Worst of 2016: The 10 worst films of 2016, in no particular order: “Independence Day: Resurgence,” “Office Christmas Party,” “X-Men: Apocalypse,” “Blair Witch,” “Keanu,” “Zoolander 2,” “The Divergent Series: Allegiant,” “Rules Don’t Apply,” “Teenage Mutant Ninja Turtles: Out of the Shadows,” “Warcraft” and bonus pick, “Bridget Jones’s Baby” (wife’s pick).

Most overrated of 2016: Most critics loved these movies, but I simply didn’t get the fascination: “La La Land,” “Arrival,” “Midnight Special.”

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Movie review: ‘Suicide Squad’

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“Suicide Squad” (PG-13) 2 stars (out of four)

Blah is the operative word for “Suicide Squad,” an anti-hero film in the superhero genre that was meant to pull DC Comics out of its cinematic doldrums following the tepid response to “Batman v Superman.”

Not so much bad as it is disappointing, “Suicide Squad” – which assembles DC’s baddest of its stable of villains – starts off with a bang as it creatively introduces each member of the squad that the U.S. government recruits to keep the country safe from meta hu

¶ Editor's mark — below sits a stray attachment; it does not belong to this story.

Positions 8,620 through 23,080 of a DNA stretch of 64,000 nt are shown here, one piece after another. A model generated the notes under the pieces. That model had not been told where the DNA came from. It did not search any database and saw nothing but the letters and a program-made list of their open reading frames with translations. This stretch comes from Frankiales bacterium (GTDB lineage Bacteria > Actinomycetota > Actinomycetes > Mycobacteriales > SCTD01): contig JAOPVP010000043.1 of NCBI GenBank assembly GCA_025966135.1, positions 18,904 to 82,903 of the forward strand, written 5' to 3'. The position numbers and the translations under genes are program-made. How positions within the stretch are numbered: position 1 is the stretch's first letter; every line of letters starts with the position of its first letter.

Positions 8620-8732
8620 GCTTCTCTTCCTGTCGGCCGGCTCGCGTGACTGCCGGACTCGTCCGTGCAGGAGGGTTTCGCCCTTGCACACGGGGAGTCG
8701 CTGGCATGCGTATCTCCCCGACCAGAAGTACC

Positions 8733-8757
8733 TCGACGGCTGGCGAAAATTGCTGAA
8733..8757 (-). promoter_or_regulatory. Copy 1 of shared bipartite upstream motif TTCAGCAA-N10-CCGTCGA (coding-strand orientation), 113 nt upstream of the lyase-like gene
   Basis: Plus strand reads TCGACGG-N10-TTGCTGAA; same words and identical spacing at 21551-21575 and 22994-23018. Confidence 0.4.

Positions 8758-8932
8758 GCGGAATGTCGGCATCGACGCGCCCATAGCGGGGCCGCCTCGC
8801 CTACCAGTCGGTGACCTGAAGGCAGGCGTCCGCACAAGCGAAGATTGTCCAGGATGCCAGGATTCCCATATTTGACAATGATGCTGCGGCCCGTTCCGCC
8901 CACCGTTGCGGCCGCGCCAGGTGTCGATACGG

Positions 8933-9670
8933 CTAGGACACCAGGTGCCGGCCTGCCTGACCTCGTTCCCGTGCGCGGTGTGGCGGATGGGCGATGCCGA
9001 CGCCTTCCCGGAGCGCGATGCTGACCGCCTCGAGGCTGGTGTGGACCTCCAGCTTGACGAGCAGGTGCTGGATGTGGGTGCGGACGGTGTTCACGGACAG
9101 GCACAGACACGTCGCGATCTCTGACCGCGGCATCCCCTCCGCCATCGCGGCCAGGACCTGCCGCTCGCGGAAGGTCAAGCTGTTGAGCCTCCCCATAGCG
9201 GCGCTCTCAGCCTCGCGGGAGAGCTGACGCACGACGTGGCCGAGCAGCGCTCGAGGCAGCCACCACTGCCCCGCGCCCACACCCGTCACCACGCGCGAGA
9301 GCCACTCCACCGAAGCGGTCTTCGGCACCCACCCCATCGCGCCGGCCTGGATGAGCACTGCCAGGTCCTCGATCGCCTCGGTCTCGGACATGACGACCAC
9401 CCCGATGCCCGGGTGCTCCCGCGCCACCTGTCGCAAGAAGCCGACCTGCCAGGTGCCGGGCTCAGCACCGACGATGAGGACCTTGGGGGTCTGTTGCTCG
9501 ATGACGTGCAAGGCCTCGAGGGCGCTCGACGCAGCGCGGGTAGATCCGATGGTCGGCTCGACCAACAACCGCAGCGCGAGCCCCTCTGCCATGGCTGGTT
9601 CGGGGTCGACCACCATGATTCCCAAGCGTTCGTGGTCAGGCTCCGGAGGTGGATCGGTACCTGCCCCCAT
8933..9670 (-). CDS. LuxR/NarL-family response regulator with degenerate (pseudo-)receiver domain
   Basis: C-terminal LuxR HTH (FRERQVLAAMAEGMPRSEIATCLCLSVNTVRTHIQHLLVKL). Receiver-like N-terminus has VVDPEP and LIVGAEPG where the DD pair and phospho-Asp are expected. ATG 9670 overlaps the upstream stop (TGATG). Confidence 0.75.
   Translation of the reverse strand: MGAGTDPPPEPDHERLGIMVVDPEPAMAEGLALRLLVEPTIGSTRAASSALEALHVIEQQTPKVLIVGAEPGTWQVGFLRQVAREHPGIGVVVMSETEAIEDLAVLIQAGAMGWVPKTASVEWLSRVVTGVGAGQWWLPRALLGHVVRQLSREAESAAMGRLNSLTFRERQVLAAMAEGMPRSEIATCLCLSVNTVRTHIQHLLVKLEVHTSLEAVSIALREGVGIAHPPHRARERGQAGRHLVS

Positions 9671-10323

mans that want to do them harm. From there, the film sadly devolves into the formulaic stuff we’ve seen in countless times in the genre.

Writer-director David Ayer has good intentions as he clearly tries to go with the R-rated vibe that made Marvel bad boy “Deadpool” a massive hit earlier this year.

The Joker (Arkham Asylum Version) DC Comics Sixth Scale Figure

The difference is, the subversive  anti-hero was given free rein to trounce the landscape with his F-bomb-laced dialogue and ultra violence, while “Suicide Squad” remains confined to the limiting PG-13 rating.

As a result, the Suicide Squad, including Harley Quinn (Margot Robbie), Deadshot (Will Smith) and their band of maniacal misfits are left to operate in a familiar environment against one of the weakest supervillians in superhero movie memory.

The person who plays the villain — who will remain unnamed to avoid any spoilers — simply does not have the acting chops or presence to make the ultimate throwdown memorable enough. In fact, the performance is so silly at times that it may qualify the person for a Razzie nomination come year’s end.

Lost in shuffle is The Joker (Jared Leto), whose turn as the Clown Prince of Gotham is supporting at best. Spending most of the movie trying to spring his girlfriend and partner-in-crime Harley Quinn loose, The Joker’s time would have been much better served as the supervillain the Suicide Squad ran up against instead of a thorn in their side.

Leto gives it his best with a combo Heath Ledger-Jack Nicholson read of the iconic character (with more of an emphasis on Nicholson), but in the end falls far short on both accounts. He’s good, but doesn’t nearly live up to the hype of the months-long publicity of his take on the iconic character leading up to the release of the film.